Oh, the laughter.  Mama and Daddy with their best friends and traveling companions, Mr. John and Miss Frances.  Me and Keith with their children.  Everything was funny.  Even the mishaps.  It was summer and we were on a road trip and the trunk had been too full of sandwich meat and potato chips and powdered doughnuts to leave any room for seriousness.

Last Saturday I was back in Eatonton for the first time in probably thirty years.  I’d been invited to speak to a women’s conference.  I arrived early, greeted my hosts, and got my bearings. I turned down an offer of coffee, explained that I take my caffeine cold and carbonated, and asked for directions to the nearest place open at that hour that could provide the same.

I’m certain that the directions were good, but the IGA to which I’d been pointed didn’t come into view when I thought it should, so I kept driving.  Though it had been a while, but I’d figured out that Eatonton hadn’t grown so much that I was going to get lost looking for a Diet Coke.

I was admiring the quaint shops in downtown, the well-kept yards in the Victorian houses on the side streets when I came to a stop sign and, trying to decide which way to go, realized that I driven right up to the Uncle Remus Museum.  Thoughts of caffeine momentarily left me and I pulled into the parking lot.  It all looked exactly the same – picnic table, log cabin, statue of Brer Rabbit, and the placard of Brer Rabbit with the big arrow tucked under his arm pointing the way to the museum.  

I felt my face stretch into a smile.  I felt my chest begin to vibrate with laughter.  Under my long sleeves I could almost feel the summer breeze, could almost taste the Kool-Aid and the Pecan Twirls.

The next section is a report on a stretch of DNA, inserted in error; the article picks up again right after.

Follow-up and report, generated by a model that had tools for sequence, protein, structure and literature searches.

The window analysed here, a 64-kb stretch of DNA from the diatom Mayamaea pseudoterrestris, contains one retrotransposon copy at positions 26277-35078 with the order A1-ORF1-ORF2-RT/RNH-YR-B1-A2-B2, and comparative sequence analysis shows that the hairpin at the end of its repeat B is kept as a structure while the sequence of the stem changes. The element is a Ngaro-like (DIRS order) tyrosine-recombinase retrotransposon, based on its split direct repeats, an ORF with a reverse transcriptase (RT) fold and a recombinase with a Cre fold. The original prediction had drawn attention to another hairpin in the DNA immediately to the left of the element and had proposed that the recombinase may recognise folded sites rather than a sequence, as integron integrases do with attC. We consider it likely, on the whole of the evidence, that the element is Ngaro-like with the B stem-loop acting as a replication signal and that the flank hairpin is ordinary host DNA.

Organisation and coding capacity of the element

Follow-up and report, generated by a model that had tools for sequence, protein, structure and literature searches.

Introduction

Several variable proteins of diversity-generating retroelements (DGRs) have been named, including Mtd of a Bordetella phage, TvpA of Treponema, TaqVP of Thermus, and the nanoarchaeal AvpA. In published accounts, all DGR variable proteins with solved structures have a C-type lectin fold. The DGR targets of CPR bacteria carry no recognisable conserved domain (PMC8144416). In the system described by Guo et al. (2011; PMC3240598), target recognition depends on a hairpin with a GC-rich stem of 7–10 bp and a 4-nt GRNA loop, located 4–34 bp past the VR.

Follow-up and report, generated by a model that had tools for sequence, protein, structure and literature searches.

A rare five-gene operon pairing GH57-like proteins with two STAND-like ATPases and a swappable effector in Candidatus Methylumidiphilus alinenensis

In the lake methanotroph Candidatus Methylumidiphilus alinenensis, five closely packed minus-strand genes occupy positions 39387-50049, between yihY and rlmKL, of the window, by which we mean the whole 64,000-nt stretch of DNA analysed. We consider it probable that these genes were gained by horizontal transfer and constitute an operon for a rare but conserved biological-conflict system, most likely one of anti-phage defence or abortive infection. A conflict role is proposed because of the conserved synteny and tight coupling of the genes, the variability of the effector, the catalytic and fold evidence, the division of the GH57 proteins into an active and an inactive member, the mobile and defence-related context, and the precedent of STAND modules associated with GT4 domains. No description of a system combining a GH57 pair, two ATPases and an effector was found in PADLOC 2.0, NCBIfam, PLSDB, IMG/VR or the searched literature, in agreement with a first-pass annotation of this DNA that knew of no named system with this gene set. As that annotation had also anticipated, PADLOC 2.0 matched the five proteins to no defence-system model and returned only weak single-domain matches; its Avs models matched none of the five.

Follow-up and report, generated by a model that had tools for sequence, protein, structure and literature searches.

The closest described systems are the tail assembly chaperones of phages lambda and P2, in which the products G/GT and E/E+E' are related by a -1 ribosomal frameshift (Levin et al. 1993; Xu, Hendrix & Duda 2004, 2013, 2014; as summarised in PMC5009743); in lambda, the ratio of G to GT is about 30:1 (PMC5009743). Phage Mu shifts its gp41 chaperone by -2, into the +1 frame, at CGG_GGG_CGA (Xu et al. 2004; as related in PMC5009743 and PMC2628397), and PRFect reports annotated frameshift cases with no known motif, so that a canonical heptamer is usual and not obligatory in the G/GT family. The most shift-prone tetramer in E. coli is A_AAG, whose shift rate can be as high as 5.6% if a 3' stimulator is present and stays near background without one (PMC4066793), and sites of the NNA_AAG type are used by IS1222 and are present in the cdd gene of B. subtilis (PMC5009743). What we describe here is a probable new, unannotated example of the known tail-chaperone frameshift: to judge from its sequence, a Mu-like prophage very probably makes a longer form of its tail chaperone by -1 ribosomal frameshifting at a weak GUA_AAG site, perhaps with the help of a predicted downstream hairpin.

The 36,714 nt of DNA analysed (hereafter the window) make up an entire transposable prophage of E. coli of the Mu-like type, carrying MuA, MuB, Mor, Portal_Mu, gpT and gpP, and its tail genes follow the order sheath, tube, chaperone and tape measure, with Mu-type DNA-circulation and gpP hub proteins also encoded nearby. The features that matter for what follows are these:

It has been a long time since I felt like a child.  Actually felt in my body that lightness, that expansiveness, that wholeness that exists when you don’t yet understand the concept of boundaries.  When you have not yet experienced limitation or loss.  When being certain is all you know.

And it has been a long time since I felt so scolded.  Scolded because –  it should be clear, I suppose – that if the mere sight of this place where the innocence and security of childhood was epitomized can send me straight back to those moments, that posture, I should be able to get there at will.  I should be able to remove myself, when need be, from the things and people that would steal my joy, kill my optimism, destroy my faith.  All I have to do is remember.

It is almost Thanksgiving.  The leaves that are left on the sycamore are limp and the color of cured tobacco.  The ones that litter the ground at my feet are brittle and leather-brown, their edges curling like a hand making a fist.  The marshals who enforce the laws of nature are finally, after weeks of effort, wresting those hands loose from their grip on summer.  

I close my eyes and fold my arms across my chest against the chill wind, but under the jacket and the sweater, my arms are bare and I feel the warmth of June sunshine.

Copyright 2012

Monday, November 05, 2012

By The Waters Of Babylon

Our ninth grade literature textbook included the post-apocalyptic short story, “By The Waters Of Babylon” by Stephen Vincent Benet. The story follows a young boy, the son of a priest in a primitive society, as he journeys far beyond the borders his people have long honored. His long and dangerous quest takes him to the city of the gods where he stumbles across the ruins of the great towers that once filled the city. Two of the rocks have words written on them, words he doesn’t understand: UBTREAS and ASHING.
I remember this part of the story particularly well, probably because Marcia Lanier quizzed and prodded and cajoled us so thoroughly on what we thought those two words might mean. Probably because the entire story turned on those two strange words. Probably because when we finally put it all together and figured out that the words were really only parts of words, it became clear that the stones were fragments of landmarks in New York City, the United States Subtreasury building and a statute of George Washington, and that the story took place not in the distant primitive past, but in a very possible not-so-distant future.